Is inflation coming for after-work beers?

Group of laughing friends drinking beer at restaurant patio table.

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Higher prices mean that people buy less beer.


the main points

  • Inflation is coming down, but beer prices have jumped more than many other items in recent months.
  • The cost of ingredients such as hops and malt has gone up, as have other beer-making costs.
  • Reducing alcohol consumption can save you money.

There are some signs of this Inflation may be cooling, or at least get out of the boiling point that we saw in last year’s points. However, the slowdown in price rises does not affect all of our spending equally. In fact, the prices of some items – such as beer and… Even eggs It keeps rising even while others are falling.

An analysis of Nielsen data by Bump Williams Consulting showed that average beer prices rose more than 7% in the 12 weeks before Christmas, more than they had been in the previous year. The cost of some brands, such as Bud Light, Miller Lite, Yuengling Lager and Coors Light, increased by up to 10%.

Data from the Bureau of Labor Statistics backs this up. House beer prices were 1.8% higher in November than in October, while regular food prices rose only 0.2%. This was a much larger price jump than other alcoholic beverages in the house. Wine prices were actually down 0.2% month over month and spirits were up just 0.9%.

Why is beer getting more expensive?

There are a few reasons why your favorite beverage may cost more than it did six months ago. For starters, the industry isn’t immune to supply chain issues and high energy prices that have affected other products. Moreover, the cost of hops has gone up due to drought in some parts of the world, and the conflict between Russia and Ukraine has affected barley production.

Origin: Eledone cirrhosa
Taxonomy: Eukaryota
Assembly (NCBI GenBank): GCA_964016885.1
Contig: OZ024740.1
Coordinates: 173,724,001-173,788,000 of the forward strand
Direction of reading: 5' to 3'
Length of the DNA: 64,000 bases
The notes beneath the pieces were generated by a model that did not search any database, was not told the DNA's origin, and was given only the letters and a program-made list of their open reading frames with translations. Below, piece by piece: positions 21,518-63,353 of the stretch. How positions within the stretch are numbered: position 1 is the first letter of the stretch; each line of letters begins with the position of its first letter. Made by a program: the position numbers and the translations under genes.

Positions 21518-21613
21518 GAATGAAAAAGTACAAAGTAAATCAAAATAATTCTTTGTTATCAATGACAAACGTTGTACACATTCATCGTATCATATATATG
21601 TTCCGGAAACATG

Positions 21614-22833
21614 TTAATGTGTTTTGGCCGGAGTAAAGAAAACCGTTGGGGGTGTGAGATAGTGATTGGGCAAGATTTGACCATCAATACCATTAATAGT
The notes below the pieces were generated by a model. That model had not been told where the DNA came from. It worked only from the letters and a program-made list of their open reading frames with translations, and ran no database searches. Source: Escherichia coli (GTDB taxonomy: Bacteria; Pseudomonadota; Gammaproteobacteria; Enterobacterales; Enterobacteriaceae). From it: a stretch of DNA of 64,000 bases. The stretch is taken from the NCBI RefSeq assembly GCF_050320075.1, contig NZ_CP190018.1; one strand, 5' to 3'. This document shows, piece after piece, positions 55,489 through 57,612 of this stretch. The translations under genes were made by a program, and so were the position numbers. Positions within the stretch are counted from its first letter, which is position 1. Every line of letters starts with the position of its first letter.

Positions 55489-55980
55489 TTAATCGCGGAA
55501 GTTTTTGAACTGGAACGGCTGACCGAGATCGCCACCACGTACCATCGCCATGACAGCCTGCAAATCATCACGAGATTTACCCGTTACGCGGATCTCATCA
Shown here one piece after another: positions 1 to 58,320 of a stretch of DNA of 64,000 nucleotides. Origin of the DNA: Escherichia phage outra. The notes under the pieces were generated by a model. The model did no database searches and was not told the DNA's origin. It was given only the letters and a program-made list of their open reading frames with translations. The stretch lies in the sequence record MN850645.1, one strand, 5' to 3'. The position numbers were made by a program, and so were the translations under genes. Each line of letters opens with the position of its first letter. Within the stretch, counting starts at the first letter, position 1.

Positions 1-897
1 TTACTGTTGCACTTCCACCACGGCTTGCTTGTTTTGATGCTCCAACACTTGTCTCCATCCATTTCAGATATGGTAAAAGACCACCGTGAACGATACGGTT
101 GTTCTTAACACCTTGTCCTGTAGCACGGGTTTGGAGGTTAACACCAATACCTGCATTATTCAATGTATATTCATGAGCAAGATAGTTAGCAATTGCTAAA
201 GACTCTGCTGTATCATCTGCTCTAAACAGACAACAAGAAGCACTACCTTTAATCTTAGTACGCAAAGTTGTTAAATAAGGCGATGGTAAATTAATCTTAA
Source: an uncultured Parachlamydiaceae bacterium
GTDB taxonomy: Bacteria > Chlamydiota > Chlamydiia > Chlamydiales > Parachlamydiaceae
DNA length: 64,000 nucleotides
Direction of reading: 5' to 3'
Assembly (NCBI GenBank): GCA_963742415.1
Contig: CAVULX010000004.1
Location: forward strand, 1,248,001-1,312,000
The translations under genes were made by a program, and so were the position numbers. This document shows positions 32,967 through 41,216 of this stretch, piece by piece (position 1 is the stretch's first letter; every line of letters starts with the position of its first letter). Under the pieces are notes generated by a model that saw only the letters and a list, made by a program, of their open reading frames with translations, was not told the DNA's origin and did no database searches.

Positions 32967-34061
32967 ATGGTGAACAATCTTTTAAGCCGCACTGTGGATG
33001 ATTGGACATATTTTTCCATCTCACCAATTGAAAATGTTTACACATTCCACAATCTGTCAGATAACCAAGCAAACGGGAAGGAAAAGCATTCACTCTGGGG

Another problem for smaller brewers is the cost of cans. In November, the largest supplier of cans in the United States announced significant changes to minimum order requirements and warehouse inventory terms. September also saw a shortage of carbon dioxide, another key ingredient for some breweries.

Higher prices have already led to a decline in consumption. Beer is often considered anti-stagnant, especially at home. It’s one of those little luxuries that people may keep buying even as they cut back on larger expenses like vacations or a new car. However, recent price increases have proven to be too much for some consumers who bought less in December. Bump Williams Consulting said Michelob Ultra premium beer sales rose 0.8% over the year, but fell 2.3% in the month leading up to Christmas.

Everything in moderation

I am British and drinking is so ingrained in our national psyche that it almost pains me to write this. But beer is not a staple. In fact, even if beer prices don’t go up, cutting down on after-work drinks — whether at home or at the bar — can be a good way to go. Saving Money.

The trick to any money saving plan is to make it achievable. If one of the things that brings you joy is going out for a couple of drinks with friends or popping open a craft beer on the house, don’t cut it out completely. You will be miserable and may end up spending more money as a result. Instead, look at your budget and determine what you are spending on beer now and what a reasonable beer budget is.

You may be able to cut costs by switching to a lower cost brand, or reducing the amount you drink. You might already be trying a dry January, which some say is good for both Bank account Balance and health. Let’s say you usually spend $15 a week on alcohol. If you decide to give up alcohol completely, you can save $780 per year.

It might be more realistic to try to bring that number down to $10 a week instead. A $5 reduction in spending could mean an annual $260 increase in your account saving account. You won’t be paying for a new car, but it may help protect your finances a bit against economic uncertainty.

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